Saturday, February 8, 2014

The real risk going forward for a big correction in the U.S. markets

In my post two days ago, I mentioned that the U.S. markets will not have a big correction while emerging markets will continue to have serious problems due to China. I do want to point out a realistic risk of a big correction in the U.S., due to the actions of developed market central banks, especially the Fed.

The Fed and ECB are de facto tightening stimulus. The Fed has a strong tendency to taper, even if it is premature, and thinks the US market is already a mini-bubble. So they have changed the stance since September 2012 when they show the spirit of whatever it takes to reflate and stimulate the economy and are committing the same stupid mistake since early 2011 (which I pointed out in an earlier post from my thoughts about my visit to the Fed in early 2011). Remember I turned all out bullish and have stayed that way until now. Also, even though they are right that tapering is not really tightening or raising interest rates and they have been signaling so since early last year, investors continue to believe otherwise. If we take a global view, investors are right, because the condition is being tightened in emerging markets due to the Fed’s actions. Japanese Central Bank is now being quite silly to believe that they should wait till things falter before they act to reflate instead of preempting the dangers and reach their feasible 2% target ASAP (the target is reachable if they are determined enough). It is courageous to commit seppuku after failure, but why not use the same courage to achieve positive results and avoid being a tragic hero?

At the same time, China almost has no choice but to reduce the suicidal steroid that it has been taking if it wants not to have a few lost decades that will be the most painful in history. This is what’s different between now and all the prior episodes of risk on and risk off, and China lies at the heart of the downtrend of emerging markets. So stay away from EM in the next couple of years and waiting for all the casualties to fall.

These forces may converge later this year and crash the global markets, and taking U.S. markets as a casualty. For the U.S. markets, the biggest danger is not from EM but from Western central bankers who start to commit the same mistake of premature tightening even though inflation is nowhere to be found. These central bankers, especially the Fed, can trigger another round of disinflation or even deflation (in Europe) scare or actual reality of disinflation and deflation.  That will be a trigger for a large correction in the U.S. markets. For one thing, without inflation, corporate sales and profits could falter.  So this will set up a shorting opportunity, especially for the riskiest assets. It will also likely set up another risk on rally after they do the 180 degree Fed turn again to stop the premature tightening. So there will be more money to be made at these junctures.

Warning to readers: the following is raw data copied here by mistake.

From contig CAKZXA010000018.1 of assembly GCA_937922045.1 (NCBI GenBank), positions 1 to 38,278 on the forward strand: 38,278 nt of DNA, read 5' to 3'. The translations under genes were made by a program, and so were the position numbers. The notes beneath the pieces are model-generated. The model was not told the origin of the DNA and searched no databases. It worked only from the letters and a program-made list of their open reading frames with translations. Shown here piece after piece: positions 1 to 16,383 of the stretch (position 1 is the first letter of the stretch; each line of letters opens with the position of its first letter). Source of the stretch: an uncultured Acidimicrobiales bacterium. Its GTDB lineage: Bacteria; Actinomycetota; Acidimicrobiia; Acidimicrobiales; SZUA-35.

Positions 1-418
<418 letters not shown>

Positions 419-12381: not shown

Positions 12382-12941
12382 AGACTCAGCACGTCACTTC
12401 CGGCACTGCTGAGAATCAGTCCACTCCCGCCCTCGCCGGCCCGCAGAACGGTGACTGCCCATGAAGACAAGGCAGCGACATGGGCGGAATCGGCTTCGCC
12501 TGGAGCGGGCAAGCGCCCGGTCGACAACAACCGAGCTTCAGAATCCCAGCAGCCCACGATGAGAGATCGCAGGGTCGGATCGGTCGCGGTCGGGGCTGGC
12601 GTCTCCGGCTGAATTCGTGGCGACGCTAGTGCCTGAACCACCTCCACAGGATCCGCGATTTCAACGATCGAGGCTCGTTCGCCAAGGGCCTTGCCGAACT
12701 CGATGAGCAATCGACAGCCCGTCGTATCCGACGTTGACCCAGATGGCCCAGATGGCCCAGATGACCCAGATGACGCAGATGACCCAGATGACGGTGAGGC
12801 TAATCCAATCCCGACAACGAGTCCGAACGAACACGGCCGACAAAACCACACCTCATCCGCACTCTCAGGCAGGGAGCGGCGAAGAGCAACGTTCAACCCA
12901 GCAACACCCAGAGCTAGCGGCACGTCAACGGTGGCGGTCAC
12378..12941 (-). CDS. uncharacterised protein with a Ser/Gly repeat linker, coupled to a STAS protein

Thursday, February 6, 2014

Risk on or risk off, depending on which one you meant; still my themes play out

Lately the pundits and investors are running around like headless chicken again, with their confidence shattered by the broad selloff globally, especially in emerging markets. The usual question is asked again: Is it risk on or risk off?

Asking this question means you are clueless. It really depends which market you talk about. If it is the US, it will still do well and once reaching about 10% correction, lots of people will jump in so as not to miss the opportunity, even though earnings growth will be under some pressure. So the current correction may be mostly over, and likely people will jump in even before 10% correct because they are afraid of other people taking the bargain from them. So if you are holding US risky assets, the risk is still on.

For EM, they will keep going down for a couple of more years, with temporary reversals like the second half of 2013. The trend there will be driven mostly by China’s numbers (if it turns brighter for a couple of quarters, things will stabilize for a while, but the trend is down for the last couple of quarters after some bright numbers earlier last year), but also some noticeable events such as Argentina (more people wake up that some EM are much worse than thought). So far, China’s numbers are still not so bright; there have also been a few bad surprises. More importantly, China, and EM’s trend, is still going down. So the risk is always off. However, in the near turn, this round of pessimism may have been largely vented and this may be a time to start to get into the market to play some risky asset rally.

So the whole thing/theme is still exactly playing out as what I predicted 2.5 years ago. Not too many surprises.

My view on Europe has changed again. I have been suggesting buying European bonds and stocks since summer 2012, which turned out to be a hugely profitable trade. However, after the huge rally, European liquid assets have been largely fairly priced. So it is not a bargain any more, unless ECB takes big action again, which they have so far been girlish about.